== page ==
A political campaign is about the worst time to have a discussion about economic realities. The party that is out will speak of nothing but looming disaster, while the party that is in will be singing nothing but "Happy Days Are Here Again." And, since our current political system is in a permanent campaign mode, economics never escapes the warp of politics.
The truth is, it is easy for politicians to pick and choose among the facts to support whatever best serves their campaigns because economic news can be good and bad at the same time. I was reminded of this by two stories I read this week.
The first was a piece by my Los Angeles Times colleague Mark Z. Barabak. Reporting from Mingo Junction, Ohio, Mr. Barabak describes a bleak scene of American decline: "Idle steel mills run the length of several city blocks, empty and rusting on the thickly wooded banks of the Ohio River, like hulking tombstones for a past that died and the promise that died along with it."
Mr. Barabak interviewed dozens of people who have seen jobs in the coal mines and steel mills disappear with few employment opportunities springing up to replace them. These voters are despairing, cynical and uninspired by either presidential candidate. Their testimony reinforces the view that this is a nation in decline with pervasive joblessness, a dormant manufacturing sector and little hope for revival.
The second story paints a starkly different picture. It is touted on the cover of the current Newsweek with an illustration of America as an economic Superman. The article is excerpted from a new book by the economics editor of Yahoo Finance, Daniel Gross, titled "Better, Stronger, Faster: The Myth of American Decline and the Rise of the New Economy."
Mr. Gross insists the doomsayers are wrong. Since the economic meltdown of 2008-2009, he says, the American economy has made a dramatic turnaround. Corporate profits, exports and the stock market have skyrocketed to record levels. The private sector has created more than 4 million new jobs. Tourism has boomed. The U.S. auto industry has come back with a vengeance, and GM is selling even more cars in China than it does at home. American farmers are shipping rice to Japan, soybeans to China and beef to Brazil. Apple, Google and Facebook are setting the standard and the pace of innovation for the world.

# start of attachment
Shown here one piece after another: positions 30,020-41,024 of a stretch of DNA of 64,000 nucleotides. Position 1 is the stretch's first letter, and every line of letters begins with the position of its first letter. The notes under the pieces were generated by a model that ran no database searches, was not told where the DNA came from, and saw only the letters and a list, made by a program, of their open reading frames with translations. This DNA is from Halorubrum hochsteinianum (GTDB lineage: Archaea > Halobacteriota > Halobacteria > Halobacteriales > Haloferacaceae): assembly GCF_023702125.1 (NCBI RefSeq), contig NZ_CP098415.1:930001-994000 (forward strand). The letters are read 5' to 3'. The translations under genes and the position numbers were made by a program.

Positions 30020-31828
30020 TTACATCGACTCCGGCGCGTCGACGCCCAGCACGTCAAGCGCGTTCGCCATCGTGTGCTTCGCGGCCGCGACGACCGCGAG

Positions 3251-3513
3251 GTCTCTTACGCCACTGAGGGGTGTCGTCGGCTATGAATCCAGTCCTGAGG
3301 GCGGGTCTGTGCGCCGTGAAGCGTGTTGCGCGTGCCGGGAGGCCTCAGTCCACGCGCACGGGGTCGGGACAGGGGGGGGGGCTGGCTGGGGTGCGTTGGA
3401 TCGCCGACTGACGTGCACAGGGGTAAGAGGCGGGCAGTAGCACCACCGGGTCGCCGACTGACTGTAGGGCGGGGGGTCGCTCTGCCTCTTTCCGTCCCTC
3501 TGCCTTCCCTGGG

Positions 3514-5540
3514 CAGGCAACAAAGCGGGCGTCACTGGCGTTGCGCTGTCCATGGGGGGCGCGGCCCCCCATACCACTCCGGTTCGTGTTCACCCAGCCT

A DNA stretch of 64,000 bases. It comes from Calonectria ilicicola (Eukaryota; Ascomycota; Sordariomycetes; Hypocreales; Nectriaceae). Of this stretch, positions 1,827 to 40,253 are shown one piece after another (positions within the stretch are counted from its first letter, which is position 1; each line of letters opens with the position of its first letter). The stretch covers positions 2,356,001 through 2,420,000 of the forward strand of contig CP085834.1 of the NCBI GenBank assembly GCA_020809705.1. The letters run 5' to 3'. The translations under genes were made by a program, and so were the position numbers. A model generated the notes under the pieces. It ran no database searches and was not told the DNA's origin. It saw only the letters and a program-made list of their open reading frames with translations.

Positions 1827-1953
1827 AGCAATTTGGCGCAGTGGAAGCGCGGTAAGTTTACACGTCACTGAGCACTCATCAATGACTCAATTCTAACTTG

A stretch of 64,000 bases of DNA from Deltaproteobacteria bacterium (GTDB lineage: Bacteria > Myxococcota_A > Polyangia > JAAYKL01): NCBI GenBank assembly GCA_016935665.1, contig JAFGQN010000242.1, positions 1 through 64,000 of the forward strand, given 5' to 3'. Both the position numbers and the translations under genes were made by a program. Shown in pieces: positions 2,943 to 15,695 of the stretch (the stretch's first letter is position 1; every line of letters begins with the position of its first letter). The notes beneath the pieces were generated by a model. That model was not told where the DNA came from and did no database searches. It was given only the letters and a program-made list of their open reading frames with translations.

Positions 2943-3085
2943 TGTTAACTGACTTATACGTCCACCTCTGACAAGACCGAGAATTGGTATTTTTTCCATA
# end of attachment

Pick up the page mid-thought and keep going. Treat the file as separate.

Far from being broken, Mr. Gross says, the numbers show the U.S. remains the planet's "indispensable economic nation" and retains its capacity to grow and innovate faster than any other country.
The message of capitalist dynamism in the Newsweek story supports Mitt Romney's belief in the wonders of the market, yet it is not the story he will tell on the campaign trail. He will be talking about those jobless working stiffs in Ohio and blaming their plight on Barack Obama. Mr. Obama, of course, will be playing up the economic success stories, especially the revival of the auto industry for which he will take credit, and he will insist more jobs are on the way.
Reality is a more complicated thing. The nimble, productive, high-profit dynamo that Daniel Gross describes as America's new economic model is making plenty of people rich. Nevertheless, it is different from the old economy. It requires fewer workers. Those who are lucky enough to have jobs often do not have the benefits, job security and solid middle-class salaries that were more plentiful in the old economy. Older workers may never find a place in this new system. Young people with only a high school education can expect a life of underemployment. Those who have gone deep into debt to pay for a college education may spend years after graduation waiting tables or making lattes before they find a job that matches their skills.
Meanwhile, most politicians, including the two presidential contenders, pretend we can return to something akin to the old system because they know that is what voters want to believe.
Yes, there is good news and there is bad news. And the predictable news is that the complicated realities in between will not be addressed by the shrill attacks and simple-minded platitudes that will pass as serious debate in this campaign year.
Two-time Pulitzer Prize winner David Horsey is a political commentator for the Los Angeles Times. Go to latimes.com/news/politics/topoftheticket/ to see more of his work.